BrainCraft

S4 E2 | FULL EPISODE

The Sounds That Are Unbearable (Misophonia explained)

We explore Misophonia, a sound sensitivity syndrome where people have strong emotional reactions to common sounds. We meet Vanessa's friend Molly Templeton and clinical psychologist Dr. Ali Mattu to talk about the brain basis of Misophonia, trigger sounds, reactions and treatment.

AIRED: December 05, 2017 | 0:06:14
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TRANSCRIPT

Just a note - This episode contains eating, tapping and clicking sounds.

There's a fair chance there's a sound that annoys you.

Right?

Think about what that sound is and then consider this:

How does it make you feel?

For me, it's a sound my Mum makes.

Every night she heats up this weird barley milk drink and stirs her cup with a spoon.

Really loudly.

And it's so annoying.

So I've been interested in why people have such impulsive and emotional reactions to

common sounds.

Some of us might be irritated, but other people get angry and even distressed.

Is there more to it?

Now, my friend Molly suffers from Misophonia.

The term literally means a hatred of sound and it's a sound sensitivity syndrome where

people have strong emotional or physical reactions to common sounds - like eating sounds, clicking

or tapping, even certain materials rubbing.

It's easiest for me to start with scraping sounds - I feel like that bothers a lot

of people.

So like...

That's bad.

But like... that's less bad.

And then like... that's okay.

And it's also textural...

I feel like a lot of them are quite textural.

And when you scrape a rough ceramic alongside a smooth ceramic that's a horrible sound

for me.

And people with Misophonia get more than annoyed by sounds - they experience distress.

Muscles become tense, hearts race, chests tighten.

It actually hurts in my teeth quite a little bit.

I get like a weird, it's almost a vibrational feeling in the back of my molars.

It's almost tingle up my neck actually for that one.

It feels almost shrill.

So why do some people have these reactions?

Well, one explanation is that their brains are wired to react to sounds differently.

In a recent study, two groups - people with misophonia and a control group - were asked

to lay in an fMRI machine.

They were played neutral sounds, like rain on a window; unpleasant sounds, like a baby

crying; and trigger sounds, like someone eating.

And when these trigger sounds were played, researchers noticed a big difference between

the groups - in a brain area that helps you spot noticeable things in the environment

and pay attention to themprocess your emotions.

For those with misophonia, this area went into overdrive and it led to higher activity

in other areas of the brains, specifically those responsible for long-term memories,

fear and regulating emotions.

This hyperactivity suggestsmeans people with misophonia aren't processing those particular

soundsemotions the way they should and are reacting to them disproportionately... they

experience the anxiety of a life or death situation when... it's just their girlfriend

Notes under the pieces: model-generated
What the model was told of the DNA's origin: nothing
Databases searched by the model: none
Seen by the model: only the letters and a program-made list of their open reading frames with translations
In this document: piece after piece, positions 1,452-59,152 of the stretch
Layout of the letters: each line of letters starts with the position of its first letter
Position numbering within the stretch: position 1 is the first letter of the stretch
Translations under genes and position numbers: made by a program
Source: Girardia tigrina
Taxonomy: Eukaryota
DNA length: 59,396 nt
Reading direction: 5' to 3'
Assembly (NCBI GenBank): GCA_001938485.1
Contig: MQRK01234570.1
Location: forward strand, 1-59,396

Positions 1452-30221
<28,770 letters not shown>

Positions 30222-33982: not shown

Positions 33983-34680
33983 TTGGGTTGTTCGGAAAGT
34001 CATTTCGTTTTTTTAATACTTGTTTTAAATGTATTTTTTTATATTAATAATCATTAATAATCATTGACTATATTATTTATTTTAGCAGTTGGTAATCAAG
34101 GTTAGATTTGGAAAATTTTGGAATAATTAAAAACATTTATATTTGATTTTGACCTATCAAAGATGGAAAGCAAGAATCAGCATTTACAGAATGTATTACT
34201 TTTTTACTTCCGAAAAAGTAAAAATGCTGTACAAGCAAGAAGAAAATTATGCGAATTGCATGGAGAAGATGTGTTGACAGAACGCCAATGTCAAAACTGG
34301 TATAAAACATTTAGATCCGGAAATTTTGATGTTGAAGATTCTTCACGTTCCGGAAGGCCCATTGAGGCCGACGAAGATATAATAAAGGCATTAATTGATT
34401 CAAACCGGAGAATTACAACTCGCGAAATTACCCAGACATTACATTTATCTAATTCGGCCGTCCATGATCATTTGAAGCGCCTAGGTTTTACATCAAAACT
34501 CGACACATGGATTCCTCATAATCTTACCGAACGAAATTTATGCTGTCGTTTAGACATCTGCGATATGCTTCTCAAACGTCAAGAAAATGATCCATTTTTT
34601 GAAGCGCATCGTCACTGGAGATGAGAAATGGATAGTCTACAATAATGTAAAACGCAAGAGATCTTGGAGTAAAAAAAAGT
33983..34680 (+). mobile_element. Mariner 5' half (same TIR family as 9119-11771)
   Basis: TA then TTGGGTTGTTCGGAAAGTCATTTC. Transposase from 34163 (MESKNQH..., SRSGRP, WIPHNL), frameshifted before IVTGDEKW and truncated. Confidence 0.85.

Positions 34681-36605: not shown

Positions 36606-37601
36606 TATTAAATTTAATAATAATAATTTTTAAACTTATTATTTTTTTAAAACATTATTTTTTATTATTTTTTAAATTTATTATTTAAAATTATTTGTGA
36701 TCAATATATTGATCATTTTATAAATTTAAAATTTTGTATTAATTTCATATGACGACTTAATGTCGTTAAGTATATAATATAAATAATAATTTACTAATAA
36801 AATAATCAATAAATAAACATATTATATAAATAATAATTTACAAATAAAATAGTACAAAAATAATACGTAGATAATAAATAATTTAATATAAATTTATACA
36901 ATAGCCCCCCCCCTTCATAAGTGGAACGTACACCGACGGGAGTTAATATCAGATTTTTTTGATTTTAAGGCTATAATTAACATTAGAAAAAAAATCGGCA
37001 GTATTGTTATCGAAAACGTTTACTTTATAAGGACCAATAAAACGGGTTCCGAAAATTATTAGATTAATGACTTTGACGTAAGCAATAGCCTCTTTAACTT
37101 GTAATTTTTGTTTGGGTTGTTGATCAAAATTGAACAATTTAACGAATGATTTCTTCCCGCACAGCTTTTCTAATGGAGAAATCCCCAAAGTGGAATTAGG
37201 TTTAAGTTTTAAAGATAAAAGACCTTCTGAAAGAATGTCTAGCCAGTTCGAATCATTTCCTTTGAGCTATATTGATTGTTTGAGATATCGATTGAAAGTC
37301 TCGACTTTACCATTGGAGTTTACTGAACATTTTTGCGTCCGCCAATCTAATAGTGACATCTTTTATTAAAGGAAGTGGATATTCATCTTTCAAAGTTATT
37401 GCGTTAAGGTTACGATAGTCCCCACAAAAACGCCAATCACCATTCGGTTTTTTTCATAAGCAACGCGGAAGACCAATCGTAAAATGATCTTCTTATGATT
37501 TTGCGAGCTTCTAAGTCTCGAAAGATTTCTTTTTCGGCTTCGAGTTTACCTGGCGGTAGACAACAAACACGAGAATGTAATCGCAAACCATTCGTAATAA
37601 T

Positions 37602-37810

eating chips.

But, how do we know that this hyperactivity doesn't happen in all of our brains when

we hear something annoying?

Well, the participants also rated how much the sounds were annoying and distressful.

In those with misophonia, while the trigger sounds caused distress, the unpleasant sounds

triggered general annoyance but not distress.

And the researchers saw this reflected in their brain activity - people with misophonia

didn't have the same hyperactive response to unpleasant sounds.

Though this is one of the only experimental studies on misophonia so it's not enough

to be certain.

We can find some other clues in our behaviour.

"Well everyone gets annoyed by certain sounds"

This is Dr. Ali Mattu, a clinical psychologist with a great YouTube channel.

"But for misophonia it's taking that to more of an extreme.

Where it is very quickly distressing.

The first reaction might be... just get me out of here"

Though despite these extreme reactions that people experience, misophonia still isn't

recognised as a disorder.

And this makes it really hard to get funding to do more research.

"We're not sure what we're talking about when we say misophonia.

There's no agreed upon definition and there's no agreement right now about what are the

key features.

You don't want to cast the criteria so wide that it would fit everyone.

Because then it's not something that's different and uncommon and impairing."

For me, hearing sounds I dislike isn't impairing.

And this is an important distinction - we all get annoyed from time to time, but it's

mostly trivial.

For those with misophonia it's distressful.

"But if I hear a low sound that I really don't like, low vibrational sounds really

bother me, but they bother me in my chest.

I feel them very strongly and it makes me feel like I can't breathe.

I feel like I have to leave wherever I am."

"We need to convince people this is actually a thing.

So a lot more research needs to happen..."

So consider the feeling you get when sounds annoy you - it's probably pleasant compared

to the impulsive, strong reactions that people with misophonia feel have.

Recognising that this kind of sound sensitivity exists and funding more research will help

us pinpoint why people have misophonia and the best ways to treat it.

And...

I probably should be nicer to my Mum.

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